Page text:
THIS Saturday, 20 August is National Bookshop Day across Australia.
Coordinated by the Australian Booksellers Association, National Bookshop Day has been created to promote community-based bookselling at a time when, frankly, Australian booksellers need all the positive PR they can get.
The day’s message is: in spite of the recent demise of Angus & Robertson and Borders, the strong Aussie dollar making some book imports cheaper, plus the ascendancy of ebooks, there are still plenty of good reasons to pay a visit to your local bookshop.
If you have a good local bookshop, you’ll know exactly what I mean, but in case you don’t, here are some reasons why Australians need to support their local booksellers, not just this Saturday, but all year round.
- Good bookshops don’t just provide shelf space for books; they are community hubs, holding author readings and book launches, hosting reading groups, and running events for kids (remember all those fantastic Harry Potter launches?).
- our local bookshop is still in many cases the only place where you can buy locally-published books. Most of these can’t be bought from overseas-based online stores so, if you don’t support local bookshops, most local publishers won’t have anywhere to sell their wares. That means fewer opportunities for local writers, less Australian voices being published and a return to the days when Australia’s literary tastes were dictated by editors in London and New York.
- Good bookshops offer a service which comes free with every book they sell. In a business world seemingly determined to retreat from service (checked in to a Qantas flight lately?), bookselling is a business that still relies on bringing readers and books together with a personal touch; making recommendations, sharing enthusiasm, offering guidance. In a world where maybe as many as a million new books are published each year, booksellers are essential, knowledgeable and friendly guides. In most cases too, where they haven’t got the book you want in their shop, they can find it for you within days.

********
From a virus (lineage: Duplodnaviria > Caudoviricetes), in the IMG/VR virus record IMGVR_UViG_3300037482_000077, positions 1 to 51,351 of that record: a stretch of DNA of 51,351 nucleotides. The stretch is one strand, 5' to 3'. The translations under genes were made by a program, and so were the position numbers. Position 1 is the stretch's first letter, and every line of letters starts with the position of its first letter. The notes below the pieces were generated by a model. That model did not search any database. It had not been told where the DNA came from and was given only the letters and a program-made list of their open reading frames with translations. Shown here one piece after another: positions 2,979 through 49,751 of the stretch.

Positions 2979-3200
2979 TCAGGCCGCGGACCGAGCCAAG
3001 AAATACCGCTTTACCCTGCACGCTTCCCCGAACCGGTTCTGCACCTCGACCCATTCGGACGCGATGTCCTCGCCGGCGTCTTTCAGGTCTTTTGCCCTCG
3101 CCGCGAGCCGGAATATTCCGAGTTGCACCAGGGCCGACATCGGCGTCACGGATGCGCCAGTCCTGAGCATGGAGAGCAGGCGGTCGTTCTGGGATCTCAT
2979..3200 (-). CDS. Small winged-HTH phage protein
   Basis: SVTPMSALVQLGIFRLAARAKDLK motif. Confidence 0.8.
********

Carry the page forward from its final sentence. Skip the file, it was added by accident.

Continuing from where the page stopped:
- Good booksellers also act as curators of the books they sell. Rather than simply piling high the cheapest or fastest-selling books, they select the stock on their shelves judiciously, with their local readers in mind and drawing on their own instincts and experience not only about what will sell, but also what will surprise, enthral and entertain.
Australia per capita has more independently-owned bookshops than either the USA or UK—roughly 20% of the total bookselling market. As the Angus and Robertson/Borders collapse has shown, size is no protection if the business model and market conditions are working against you, but many of our local bookstores have proved remarkably resilient in the past two years. As our local bookshops increasingly embrace online selling, ebooks and social marketing, they are ensuring they remain key points of reference in our communities.
If you don’t value them now, just imagine for a moment the barren retail wasteland that awaits us if they go.
It would be hypocritical for me to say I buy all my books from local bookshops. I don’t. Some of the overseas-published books I buy can’t be easily found on Australian bookshelves and sometimes the exchange rate makes an overseas purchase too tantalisingly cheap. But, generally, where I can buy it locally without too much inconvenience, I prefer to for the reasons above.
So, Wilkins Farago commends National Book Day to you. By visiting your local bookseller on the day, you’re supporting local publishers like us (and especially if you buy our wonderful new Father’s Day title, Sam and His Dad!).